Reduce Total Alkalinity Levels

Problems relating to pH and total alkalinity.
Increase ph, increase TA. Reduce pH, reduce TA.
pH chemistry advice and techniques for the pool.

no chlorine reading

Postby doug » Fri 07 Oct, 2016 04:31

if you are putting loads of chlorine in and getting zero reading you have chlorine lock often caused by over high levels of stabiliser usually cyanuric acid will require a water change up to 75% and future monitoring of cyanuric levels 30-50 ppm is ideal range more will reduce percentage of free chlorine and eventually lead to chlorine lock also chlorine dosing should be carefully measured not dump in by the shed load hope this helps


Re: Reduce Total Alkalinity Levels

Postby SteveO » Wed 14 Jun, 2017 17:03

Thanks for all of this helpful info. I came up with a cool way to aerate the pool. It used parts that many pool owners will have and it has been helping, so I figured I would share. I read that rain was good for aeration as the drops splashed on the surface. So, along those lines, I placed my pool cover pump into my pool and connected the output hose to a sprinkler that is spraying the pumped water back into the pool. The pumped water is getting aerated as it is sprayed, and the surface water is getting aerated as the water splashed down. Its bee running about an hour now and I can already see the bottom of the pool :D Hope this helps others.
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Re: Reduce Total Alkalinity Levels

Postby JillD » Wed 19 Jul, 2017 19:22

I Am jumping on this post As I can't figure out how to post a new post..... need help!!

I was suppose to put 4kg of alka plus in my pool and I put in 8kg! Was told by pool store to pt in whole bucket so I did then saw it was 8kg, I dumped in around pool all at once.... what can I do now? Just get it re-checked???
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Re: Reduce Total Alkalinity Levels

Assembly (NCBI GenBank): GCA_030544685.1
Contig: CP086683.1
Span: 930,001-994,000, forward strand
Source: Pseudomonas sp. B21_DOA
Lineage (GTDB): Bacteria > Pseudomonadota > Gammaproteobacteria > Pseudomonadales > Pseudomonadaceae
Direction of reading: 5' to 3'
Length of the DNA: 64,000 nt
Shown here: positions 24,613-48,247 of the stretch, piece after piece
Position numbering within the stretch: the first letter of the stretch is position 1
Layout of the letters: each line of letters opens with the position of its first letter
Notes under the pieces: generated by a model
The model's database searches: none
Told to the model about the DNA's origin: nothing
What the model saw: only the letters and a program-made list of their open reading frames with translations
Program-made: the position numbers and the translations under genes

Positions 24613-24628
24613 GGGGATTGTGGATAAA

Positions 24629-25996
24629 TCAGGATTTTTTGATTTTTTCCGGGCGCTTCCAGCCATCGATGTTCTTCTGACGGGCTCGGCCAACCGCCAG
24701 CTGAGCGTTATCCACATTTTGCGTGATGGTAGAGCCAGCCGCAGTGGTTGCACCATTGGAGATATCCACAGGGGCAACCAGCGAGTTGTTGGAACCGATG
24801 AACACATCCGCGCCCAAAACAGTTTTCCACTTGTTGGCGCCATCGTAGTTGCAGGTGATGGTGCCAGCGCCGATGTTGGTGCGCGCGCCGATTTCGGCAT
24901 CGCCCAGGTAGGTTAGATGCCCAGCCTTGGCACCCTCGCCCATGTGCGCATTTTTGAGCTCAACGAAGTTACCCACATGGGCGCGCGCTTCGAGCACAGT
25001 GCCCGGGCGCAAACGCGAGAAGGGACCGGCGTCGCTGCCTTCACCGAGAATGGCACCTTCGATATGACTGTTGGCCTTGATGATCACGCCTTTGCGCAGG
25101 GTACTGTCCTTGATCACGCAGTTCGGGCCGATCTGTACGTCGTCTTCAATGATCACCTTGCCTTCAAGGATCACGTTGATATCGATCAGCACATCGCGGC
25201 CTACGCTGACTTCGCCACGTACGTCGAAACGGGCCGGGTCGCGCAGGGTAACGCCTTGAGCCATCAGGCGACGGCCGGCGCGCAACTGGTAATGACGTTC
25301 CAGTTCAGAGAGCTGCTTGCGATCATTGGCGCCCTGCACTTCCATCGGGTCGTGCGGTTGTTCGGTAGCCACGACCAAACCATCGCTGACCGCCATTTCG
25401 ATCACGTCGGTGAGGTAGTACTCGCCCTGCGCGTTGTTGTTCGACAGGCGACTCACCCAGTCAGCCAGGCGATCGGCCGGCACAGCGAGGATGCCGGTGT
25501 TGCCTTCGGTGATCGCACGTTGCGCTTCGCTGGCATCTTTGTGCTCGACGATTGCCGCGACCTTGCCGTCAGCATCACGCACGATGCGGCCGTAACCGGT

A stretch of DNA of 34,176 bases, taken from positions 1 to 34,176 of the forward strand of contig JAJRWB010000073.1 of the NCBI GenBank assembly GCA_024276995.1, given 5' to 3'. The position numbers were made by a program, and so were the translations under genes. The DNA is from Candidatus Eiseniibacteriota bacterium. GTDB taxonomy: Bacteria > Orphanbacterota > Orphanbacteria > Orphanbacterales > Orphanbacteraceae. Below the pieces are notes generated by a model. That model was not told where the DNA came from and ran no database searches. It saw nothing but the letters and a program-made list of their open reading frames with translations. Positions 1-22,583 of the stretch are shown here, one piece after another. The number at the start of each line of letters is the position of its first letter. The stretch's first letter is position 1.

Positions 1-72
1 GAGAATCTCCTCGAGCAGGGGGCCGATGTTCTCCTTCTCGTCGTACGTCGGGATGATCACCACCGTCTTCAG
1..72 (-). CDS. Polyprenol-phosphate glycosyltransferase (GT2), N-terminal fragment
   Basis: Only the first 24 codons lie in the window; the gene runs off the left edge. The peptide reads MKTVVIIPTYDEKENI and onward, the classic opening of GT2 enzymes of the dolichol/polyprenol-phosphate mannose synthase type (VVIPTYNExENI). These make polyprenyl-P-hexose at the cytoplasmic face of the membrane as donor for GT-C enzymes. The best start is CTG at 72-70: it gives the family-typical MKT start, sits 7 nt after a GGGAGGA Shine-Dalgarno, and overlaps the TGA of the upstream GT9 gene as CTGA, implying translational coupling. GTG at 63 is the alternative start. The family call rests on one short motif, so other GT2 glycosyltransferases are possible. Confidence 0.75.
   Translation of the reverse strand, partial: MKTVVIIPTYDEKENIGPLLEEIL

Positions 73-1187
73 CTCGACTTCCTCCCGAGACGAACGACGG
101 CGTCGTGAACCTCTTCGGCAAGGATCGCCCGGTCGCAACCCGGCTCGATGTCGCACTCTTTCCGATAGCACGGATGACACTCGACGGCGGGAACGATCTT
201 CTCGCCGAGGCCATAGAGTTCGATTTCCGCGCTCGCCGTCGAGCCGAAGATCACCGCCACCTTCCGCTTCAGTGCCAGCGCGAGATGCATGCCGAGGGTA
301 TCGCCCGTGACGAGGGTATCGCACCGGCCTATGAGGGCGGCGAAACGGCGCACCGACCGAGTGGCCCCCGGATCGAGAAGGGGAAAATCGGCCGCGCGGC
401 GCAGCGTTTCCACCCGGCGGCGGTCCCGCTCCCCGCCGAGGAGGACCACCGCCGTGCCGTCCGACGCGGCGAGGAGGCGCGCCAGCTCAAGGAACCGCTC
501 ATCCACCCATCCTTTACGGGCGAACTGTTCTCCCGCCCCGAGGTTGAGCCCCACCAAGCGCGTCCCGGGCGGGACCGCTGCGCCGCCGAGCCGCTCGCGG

Postby JillD » Wed 19 Jul, 2017 20:16

My initial reading TA was 77
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Re: Reduce Total Alkalinity Levels

Postby Denniswiseman » Thu 20 Jul, 2017 16:52

If your pH is stable leave it alone
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Re: Reduce Total Alkalinity Levels

Postby GloriaFl » Fri 15 May, 2020 03:44

Larry wrote:The acid slug method in this post has been discussed and disproved throughout this thread. Here is a safer and better method for reducing Total Alkalinity written by Richard aka chem geek. Quoted in this post for easy reference.

The following method assumes 6.8 is the lowest measurement on your pH test kit:

StepAction to TakepHTANotes
1Add AcidlowerslowersAdd enough acid to bring pH down to 7.0
2AerationraisesnoneAerate until pH rises to 7.2
3Add AcidlowerslowersAdd acid to bring pH down to 7.0 (continue to aerate)
Aeration & Acid
nonelowersRepeat steps 1 & 2 until TA reaches the target
then AFTER you have reached your target TA
5AerationraisesnoneAerate until pH rises to your target (say, 7.5)
Net resultnonelowers

chem geek wrote:Neither the acid ball slug method nor the drizzling method are the same thing as lowering the pH significantly and then adding aeration while adding acid to keep the pH low. Even if the acid ball slug method is somewhat more effective at lowering TA (and this is controversial), it is not nearly as effective as low pH with aeration. This is the fastest way to lower TA -- guaranteed. It is the following procedure. Note that you should use the next to lowest measurement on your pH test kit as the low-end -- so if your pH kit only goes to 7.0, then use 7.2 as the low-end target and 7.4 as the high-end trigger to add acid to get back to 7.2.

ACTIVITY .......... pH .... TA ... The following assumes 6.8 is the lowest measurement on the pH test kit

Acid ..................... - ........ - ... Add enough acid to bring pH down to 7.0 (if it's already there, then just skip to the next step, aeration)

Aeration ............. + ....... 0 ... Aerate until pH rises to 7.2
Acid ..................... - ........ - ... Add enough acid to bring pH down from 7.2 to 7.0 (you may continue to aerate while you do this)